ailey_ii_in_alvin_ailey_s_revelations_photo_by_eduardo_patino_2-1

Was it something that I feel every Black American should put on their bucket list?

No. It did not shed light on anything we don’t already know.

Did it teach me anything from a Christian perspective?

No. Even though it was based in the Christian faith that our ancestors had, it did not enlighten my understanding any as we have advanced in our knowledge of the gospel since then. It depicted what their faith would have been like in that day, and stayed true to the time period.

So what was so special about it?

It was an overall experience. The music, the dancing and all around showmanship was nothing short of passionate perfection. Alvin Ailey shared his perspective of the hate stricken south perfectly through song and dance.

I would recommend any cultural or art enthusiast to go see it. I find it hard to believe that you would be disappointed. I would even recommend purchasing the album from iTunes just to hear the songs; you will not be disappointed. I’m looking for something to top that for 2015 — the bar has been set.

Back to Africa

We’ll I’ll see you when you get back.

The idea of Black Americans going back to Africa was an exceptional, bold and relevant solution to oppressions that we once faced. Marcus Garvey initiated a plan to remove Black Americans from the oppressed lifestyles that we suffered here in the United Stated. I personally believe that it was one of the most impressive plans ever put in place for our people when you consider the time period and the work that went into it.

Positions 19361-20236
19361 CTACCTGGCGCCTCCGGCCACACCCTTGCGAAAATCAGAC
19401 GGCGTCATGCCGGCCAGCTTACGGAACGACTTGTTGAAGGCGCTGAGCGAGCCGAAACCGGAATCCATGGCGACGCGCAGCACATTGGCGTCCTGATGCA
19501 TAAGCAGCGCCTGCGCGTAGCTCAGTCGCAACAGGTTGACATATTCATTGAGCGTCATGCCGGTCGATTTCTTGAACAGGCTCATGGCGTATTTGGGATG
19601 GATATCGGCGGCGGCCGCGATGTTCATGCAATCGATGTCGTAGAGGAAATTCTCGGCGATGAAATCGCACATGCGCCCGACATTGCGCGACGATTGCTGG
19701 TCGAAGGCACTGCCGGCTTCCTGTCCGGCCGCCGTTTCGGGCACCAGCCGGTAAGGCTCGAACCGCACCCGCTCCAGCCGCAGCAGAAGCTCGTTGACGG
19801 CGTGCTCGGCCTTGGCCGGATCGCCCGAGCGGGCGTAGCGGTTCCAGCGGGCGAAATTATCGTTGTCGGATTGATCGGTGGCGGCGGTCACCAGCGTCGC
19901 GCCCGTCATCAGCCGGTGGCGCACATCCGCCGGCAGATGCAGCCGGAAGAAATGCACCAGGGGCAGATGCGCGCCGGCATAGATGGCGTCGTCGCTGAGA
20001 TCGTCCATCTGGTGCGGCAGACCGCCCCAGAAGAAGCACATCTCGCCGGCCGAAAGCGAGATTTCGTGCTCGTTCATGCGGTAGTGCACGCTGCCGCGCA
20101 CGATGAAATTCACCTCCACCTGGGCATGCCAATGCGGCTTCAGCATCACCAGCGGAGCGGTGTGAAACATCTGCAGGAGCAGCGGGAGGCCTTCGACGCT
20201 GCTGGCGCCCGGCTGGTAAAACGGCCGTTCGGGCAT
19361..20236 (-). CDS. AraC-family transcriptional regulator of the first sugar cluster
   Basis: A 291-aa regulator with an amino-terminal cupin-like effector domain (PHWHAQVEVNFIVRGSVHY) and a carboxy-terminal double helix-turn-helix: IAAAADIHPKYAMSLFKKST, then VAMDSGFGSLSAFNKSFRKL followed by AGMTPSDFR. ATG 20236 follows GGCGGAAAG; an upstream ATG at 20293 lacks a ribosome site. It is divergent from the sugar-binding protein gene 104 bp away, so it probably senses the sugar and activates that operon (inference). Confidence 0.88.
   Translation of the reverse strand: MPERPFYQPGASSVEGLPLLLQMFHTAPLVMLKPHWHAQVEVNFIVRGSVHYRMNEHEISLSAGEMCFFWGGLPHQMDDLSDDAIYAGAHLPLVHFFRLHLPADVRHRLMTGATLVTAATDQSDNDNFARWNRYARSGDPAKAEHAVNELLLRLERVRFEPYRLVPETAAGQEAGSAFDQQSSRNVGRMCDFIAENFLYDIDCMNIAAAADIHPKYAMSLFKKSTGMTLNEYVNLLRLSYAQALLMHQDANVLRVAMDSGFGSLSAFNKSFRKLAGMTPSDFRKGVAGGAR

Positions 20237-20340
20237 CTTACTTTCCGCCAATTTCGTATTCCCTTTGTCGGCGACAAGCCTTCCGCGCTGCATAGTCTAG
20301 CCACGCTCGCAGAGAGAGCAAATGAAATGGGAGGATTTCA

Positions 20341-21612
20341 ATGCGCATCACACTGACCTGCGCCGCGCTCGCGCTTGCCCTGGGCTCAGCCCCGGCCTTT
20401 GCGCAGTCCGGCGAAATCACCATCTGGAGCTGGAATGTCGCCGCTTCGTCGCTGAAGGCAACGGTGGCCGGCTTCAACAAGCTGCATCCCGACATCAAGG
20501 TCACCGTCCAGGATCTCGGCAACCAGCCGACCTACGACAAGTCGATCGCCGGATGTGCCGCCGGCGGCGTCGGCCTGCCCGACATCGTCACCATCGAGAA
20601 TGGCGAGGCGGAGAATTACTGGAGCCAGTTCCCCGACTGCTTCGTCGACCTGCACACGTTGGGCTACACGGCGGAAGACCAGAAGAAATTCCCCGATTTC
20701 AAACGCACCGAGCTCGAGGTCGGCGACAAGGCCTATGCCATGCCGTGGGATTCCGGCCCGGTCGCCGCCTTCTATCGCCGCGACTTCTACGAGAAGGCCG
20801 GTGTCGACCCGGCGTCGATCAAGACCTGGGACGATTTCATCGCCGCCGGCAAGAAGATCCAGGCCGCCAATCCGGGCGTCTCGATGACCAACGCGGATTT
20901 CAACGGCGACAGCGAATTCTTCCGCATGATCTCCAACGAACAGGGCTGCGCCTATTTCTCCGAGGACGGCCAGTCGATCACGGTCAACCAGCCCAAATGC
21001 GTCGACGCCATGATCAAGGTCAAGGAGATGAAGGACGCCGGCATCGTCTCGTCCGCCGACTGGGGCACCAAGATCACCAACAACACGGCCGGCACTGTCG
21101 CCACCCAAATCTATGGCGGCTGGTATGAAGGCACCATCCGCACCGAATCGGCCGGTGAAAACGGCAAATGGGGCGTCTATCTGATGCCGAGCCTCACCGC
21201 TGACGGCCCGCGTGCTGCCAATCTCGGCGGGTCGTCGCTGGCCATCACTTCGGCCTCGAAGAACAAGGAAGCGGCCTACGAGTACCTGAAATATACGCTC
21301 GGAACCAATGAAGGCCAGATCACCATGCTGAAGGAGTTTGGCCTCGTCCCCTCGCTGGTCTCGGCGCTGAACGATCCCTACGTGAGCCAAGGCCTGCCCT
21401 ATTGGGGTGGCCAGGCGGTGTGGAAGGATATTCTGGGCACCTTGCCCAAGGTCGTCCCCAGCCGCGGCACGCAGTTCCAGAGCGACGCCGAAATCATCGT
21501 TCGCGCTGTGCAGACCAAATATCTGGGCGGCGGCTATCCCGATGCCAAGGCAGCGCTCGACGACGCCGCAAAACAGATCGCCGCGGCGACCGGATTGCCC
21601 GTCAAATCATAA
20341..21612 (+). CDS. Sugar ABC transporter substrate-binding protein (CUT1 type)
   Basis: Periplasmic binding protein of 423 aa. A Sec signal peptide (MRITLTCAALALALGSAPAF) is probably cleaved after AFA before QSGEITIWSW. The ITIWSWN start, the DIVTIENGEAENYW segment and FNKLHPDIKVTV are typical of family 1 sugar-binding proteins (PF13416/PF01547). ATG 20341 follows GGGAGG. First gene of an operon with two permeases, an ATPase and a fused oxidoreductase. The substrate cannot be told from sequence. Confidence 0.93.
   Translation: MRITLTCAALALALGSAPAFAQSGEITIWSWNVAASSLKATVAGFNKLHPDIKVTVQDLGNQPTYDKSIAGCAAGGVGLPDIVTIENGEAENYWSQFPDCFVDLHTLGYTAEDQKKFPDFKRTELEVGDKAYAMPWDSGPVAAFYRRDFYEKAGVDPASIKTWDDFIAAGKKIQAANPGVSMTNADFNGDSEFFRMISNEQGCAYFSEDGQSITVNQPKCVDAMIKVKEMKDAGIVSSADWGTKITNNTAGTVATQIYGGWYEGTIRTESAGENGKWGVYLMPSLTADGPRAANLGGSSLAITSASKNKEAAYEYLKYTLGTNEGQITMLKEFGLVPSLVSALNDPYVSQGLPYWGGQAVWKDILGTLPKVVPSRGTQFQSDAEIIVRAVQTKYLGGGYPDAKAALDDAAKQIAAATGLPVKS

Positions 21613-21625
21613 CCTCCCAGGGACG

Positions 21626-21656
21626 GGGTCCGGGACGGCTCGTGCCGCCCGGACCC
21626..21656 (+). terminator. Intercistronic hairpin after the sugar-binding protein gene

Young Garvey
Young Garvey

Let’s fast forward to 2015…

Black Americans are still suffering from discrimination, mental stigmas and lack of identification; even geographical identification within the United States. Whether we fit better in the South or North, which coast, and where prejudices are most prevalent all come into question when it comes to where would be best for Blacks. However, no matter what part, I honestly believe that the United States is the best place for Black Americans now. After centuries of building a country and adapting to a country which is virtually closed off to all other countries, I think it’s safe to say that America is pretty much all we know. Not only is it all we know, we have just as much ownership (if not more) of this country as any other race. Going back to Africa at this point would be like building a house and leaving to go to another. I think it makes more sense to fix the issues at the place that you have made your home, rather to go somewhere you hardly understand and have had no history in for 400 years.

Now let get this straight too… I love Africa. I love what it stand for in Black American history and culture, and I love the seemingly never-ending roots that it holds for human civilization. I love it so much that I hate that I cannot call it home. The United States is my home; and it has been my home for five generations (going backwards from me) that I can personally account for. I’m sure there’s a mansion somewhere that contains everything that I could ever imagine putting inside of a home, but it would hold my memories, I couldn’t relate to the structure or the people in it. My home is my home.